23 October 2009

(2)COR leadership5

5. Those who minister through the gospel may expect persecution as a result of their work.

(2 Corinthians 11:16-33)

In this particular passage Paul gives the Corinthian church a listing of his 'spiritual credentials' to show that if faith were about boasting, he would be far better qualified than his contemporaries. And, while he could choose to claim such superiority, he knows that faith is not about such things - and our boasting is pointless and futile. Thus, he chooses another path to defend himself against those who challenge his ministry.

It should again be noted that Paul is being charged on several levels as a sub-standard minister by many of the other workers in and around the Corinthian church. Perhaps as is so often the case today, those who were challenging Paul were doing so on the poor theory that because of his hardships his message and ministry must have been flawed. The failure of this evaluation is that it imposes worldly values upon a heavenly activity; such methodology measures success by means which are external to the gospel. Paul seems to evaluate his own ministry from a different perspective . . . and if he is forced to defend himself against such opposition he will challenge them to match his sufferings.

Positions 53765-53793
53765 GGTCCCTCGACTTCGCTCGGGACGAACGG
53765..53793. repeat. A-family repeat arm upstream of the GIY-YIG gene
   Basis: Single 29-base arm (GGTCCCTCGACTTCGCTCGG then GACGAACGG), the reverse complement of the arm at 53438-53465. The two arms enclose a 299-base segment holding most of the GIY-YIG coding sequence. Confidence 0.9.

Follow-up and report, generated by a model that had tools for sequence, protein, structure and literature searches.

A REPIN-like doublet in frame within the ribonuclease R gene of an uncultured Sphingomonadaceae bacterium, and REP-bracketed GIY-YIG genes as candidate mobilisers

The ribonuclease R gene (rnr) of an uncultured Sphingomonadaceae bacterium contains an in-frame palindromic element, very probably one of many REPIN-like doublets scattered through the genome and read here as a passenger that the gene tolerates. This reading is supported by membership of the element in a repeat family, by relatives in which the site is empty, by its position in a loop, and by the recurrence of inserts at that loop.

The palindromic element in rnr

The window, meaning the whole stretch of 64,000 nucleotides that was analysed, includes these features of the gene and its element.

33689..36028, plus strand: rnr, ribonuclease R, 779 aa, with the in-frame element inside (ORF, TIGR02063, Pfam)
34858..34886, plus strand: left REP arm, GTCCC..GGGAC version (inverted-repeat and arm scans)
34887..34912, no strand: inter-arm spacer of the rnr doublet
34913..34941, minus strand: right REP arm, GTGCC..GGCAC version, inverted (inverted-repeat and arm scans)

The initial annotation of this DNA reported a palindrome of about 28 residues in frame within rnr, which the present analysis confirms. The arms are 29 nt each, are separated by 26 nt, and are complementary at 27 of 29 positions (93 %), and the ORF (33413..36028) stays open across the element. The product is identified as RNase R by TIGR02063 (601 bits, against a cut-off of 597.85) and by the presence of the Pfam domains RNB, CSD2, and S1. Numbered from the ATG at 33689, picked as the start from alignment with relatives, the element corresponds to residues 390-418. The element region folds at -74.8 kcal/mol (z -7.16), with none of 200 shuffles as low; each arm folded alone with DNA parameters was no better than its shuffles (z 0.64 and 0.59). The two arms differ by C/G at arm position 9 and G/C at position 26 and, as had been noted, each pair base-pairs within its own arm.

Paul's own list of sufferings is much more than many ministers (both ancient and contemporary) encounter. Perhaps this is because so many ministers do not thoroughly engage the world enough to have opposition.

In the end, however, Paul reserves his greatest concern for those who are under his spiritual care (v 28), a stark reminder that ministry is not about us as ministers. What a far cry from so many modern pastors, teachers and leaders who begrudgingly take upon their roles and who secretly (and some not-so-secretly) despise the very people for whom they are responsible! That Paul is willing to look past his own sacrifices for the sake of the gospel and still place others in his view of concern is remarkable. He chooses not to blame the congregations that are associated with his sufferings but rather counts the communal hardships as validation of his work. Far too long has modern evangelicalism allowed pastors and leaders to come with an attitude of 'I-really-really-hate-doing-ministry-but-I've-been-called-so-there's-nothing-else-I-can-do-about-it.'

The choices before Paul are clear: to abandon his mission (or perhaps continue through spite) or to see his circumstances through the eyes of the kingdom. He goes with the latter and is thus able to boast in his weakness and suffering. Yes, this is to say that is is not in his own strength, but through his weakness that the work of the gospel continues. And it is through his sufferings that his message is vindicated and his resolve emboldened. Our models of ministry and evaluation would do well to revisit guidelines on handling suffering.

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